It is important that the fiber optic core 31 retain its cladding 32 during fabrication of the catheter. If the cladding 32 is stripped from around the core 31 of the fiber optic 34, the catheter will be vulnerable to breakage at the point where the cladding has been stripped from the core. The material chosen for the fiber optic core is less elastic of flexible than the material chosen for the core of the flexible tip.
The advantage of combining a large core silica fiber with an elastomer tip is seen by looking now to FIG. 7. Divergent light 70 from a divergent source such as a diode laser 71 readily enters the large core 75 of the silica fiber 72 which conducts the light to the core 78 of the flexible elastomeric tip 74. Optically transparent silicone rubber is preferably employed as a material of choice for the tip 74 due to its biocombatibility. The index of refraction of the material comprising the flexible tip 74 is preferably close to that of the core 75 of the fiber optic. Alternatively, the space 51 in the embodiment shown in FIGS. 5 and 6 may be filled with a optically transparent material having an index of refraction between the index of the tip core 74 and the fiber core 75. The relative stiffness of the large diameter silica core 75, enhanced by the presence of cladding jacket 76 and outer sheath 77, permits advancement of the catheter through constricted tubular tissue but has a large minimum radius of curvature A. The silicone core tip 74, being relatively short compared to the silica core fiber optic 72 portion, is pushed ahead of the fiber portion 72 during advancement. The silicone core tip, being more flexible, has a much smaller minimum radius curvature, shown at B in FIG. 7, enabling it to track sharp turns, guiding the silicone core portion 72 during advancement. The silicone core tip 74 and the silica core 75 of the fiber optic portion 72 of the waveguide form a high coupling efficiency union 73. This union 73 can conveniently be made by extending the sheath (not shown) surround the silica core portion beyond the silica core portion and filling the sheath with uncured silicone followed by curing.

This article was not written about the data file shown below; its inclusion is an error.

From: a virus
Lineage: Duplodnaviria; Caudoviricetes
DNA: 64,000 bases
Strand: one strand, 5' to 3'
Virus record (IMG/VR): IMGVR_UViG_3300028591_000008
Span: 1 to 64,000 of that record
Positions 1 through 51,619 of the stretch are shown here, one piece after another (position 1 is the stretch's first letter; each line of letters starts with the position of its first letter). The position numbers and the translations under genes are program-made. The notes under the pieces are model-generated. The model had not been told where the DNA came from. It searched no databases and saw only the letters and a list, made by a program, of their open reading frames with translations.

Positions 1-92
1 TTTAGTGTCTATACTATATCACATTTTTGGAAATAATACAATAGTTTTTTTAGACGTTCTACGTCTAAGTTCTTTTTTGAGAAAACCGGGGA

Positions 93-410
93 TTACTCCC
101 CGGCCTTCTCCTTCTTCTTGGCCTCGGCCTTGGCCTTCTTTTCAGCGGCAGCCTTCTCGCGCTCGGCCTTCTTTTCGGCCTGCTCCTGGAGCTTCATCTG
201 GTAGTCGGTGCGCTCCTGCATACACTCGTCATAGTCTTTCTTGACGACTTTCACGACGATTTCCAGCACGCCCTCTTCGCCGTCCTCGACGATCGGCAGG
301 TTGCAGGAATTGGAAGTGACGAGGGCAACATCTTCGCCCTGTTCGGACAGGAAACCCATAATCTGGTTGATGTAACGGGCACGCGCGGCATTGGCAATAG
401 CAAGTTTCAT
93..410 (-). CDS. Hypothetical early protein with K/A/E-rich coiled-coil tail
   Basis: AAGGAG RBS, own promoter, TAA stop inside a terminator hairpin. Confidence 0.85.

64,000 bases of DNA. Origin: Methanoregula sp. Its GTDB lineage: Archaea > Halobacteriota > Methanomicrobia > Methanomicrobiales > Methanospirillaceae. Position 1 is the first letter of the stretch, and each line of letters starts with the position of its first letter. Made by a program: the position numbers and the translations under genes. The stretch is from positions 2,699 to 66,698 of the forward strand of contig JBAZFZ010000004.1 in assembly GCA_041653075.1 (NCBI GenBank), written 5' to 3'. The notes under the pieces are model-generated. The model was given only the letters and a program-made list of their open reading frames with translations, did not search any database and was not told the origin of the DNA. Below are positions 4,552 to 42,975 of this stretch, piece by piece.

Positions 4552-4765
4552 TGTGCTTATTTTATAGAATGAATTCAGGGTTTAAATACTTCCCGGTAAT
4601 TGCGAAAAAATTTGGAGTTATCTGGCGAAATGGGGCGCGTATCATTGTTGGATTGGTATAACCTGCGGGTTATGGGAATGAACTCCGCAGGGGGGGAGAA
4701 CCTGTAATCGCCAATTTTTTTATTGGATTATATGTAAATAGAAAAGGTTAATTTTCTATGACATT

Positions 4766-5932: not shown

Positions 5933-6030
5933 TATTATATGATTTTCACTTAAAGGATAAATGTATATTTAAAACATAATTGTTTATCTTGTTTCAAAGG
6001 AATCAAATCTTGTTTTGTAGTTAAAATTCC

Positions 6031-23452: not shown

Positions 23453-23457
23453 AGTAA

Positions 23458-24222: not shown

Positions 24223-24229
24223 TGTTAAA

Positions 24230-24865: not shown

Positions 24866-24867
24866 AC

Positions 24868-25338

FIG. 8 shows the embodiment of the flexible tipped waveguide of FIG. 7 with a variety of flexible tip terminus configurations. Since the flexible tip 74 is elastomeric, it readily bonds to various other plastics. FIG. 8(a) shows the flexible tip 74 with a pointed terminus 81 suitable for interstitial use. A rounded or beveled terminus 82 (FIG. 8(b) is useful for intraluminal use. FIG. 8(c) shows a focusing lens 83 affixed to the flexible tip 74. The termini 81-83 may be fabricated from any transparent material or they may be opaque if the light reaching the flexible tip 74 tip need not exit the tip in the forward direction.
It will be appreciated that, while a preferred embodiment of the invention has been described herein, various modifications will suggest themselves to those skilled in the art. For example, variations in materials may be required for certain industrial applications. The essential feature of the invention is the placement of a flexible tip on a relatively rigid, large core optical fiber to confer the advantages of both materials to a combination product while minimizing their disadvantages. Rigid, large core fibers having relatively inflexible cores comprising a transparent material other than silica such as a plastic may be used. Flexible elastomers other than silicone may also be used for the tip. These and other modifications that may suggest themselves to those skilled in the art are considered to be within the spirit and scope of the present invention as set forth in the following claims.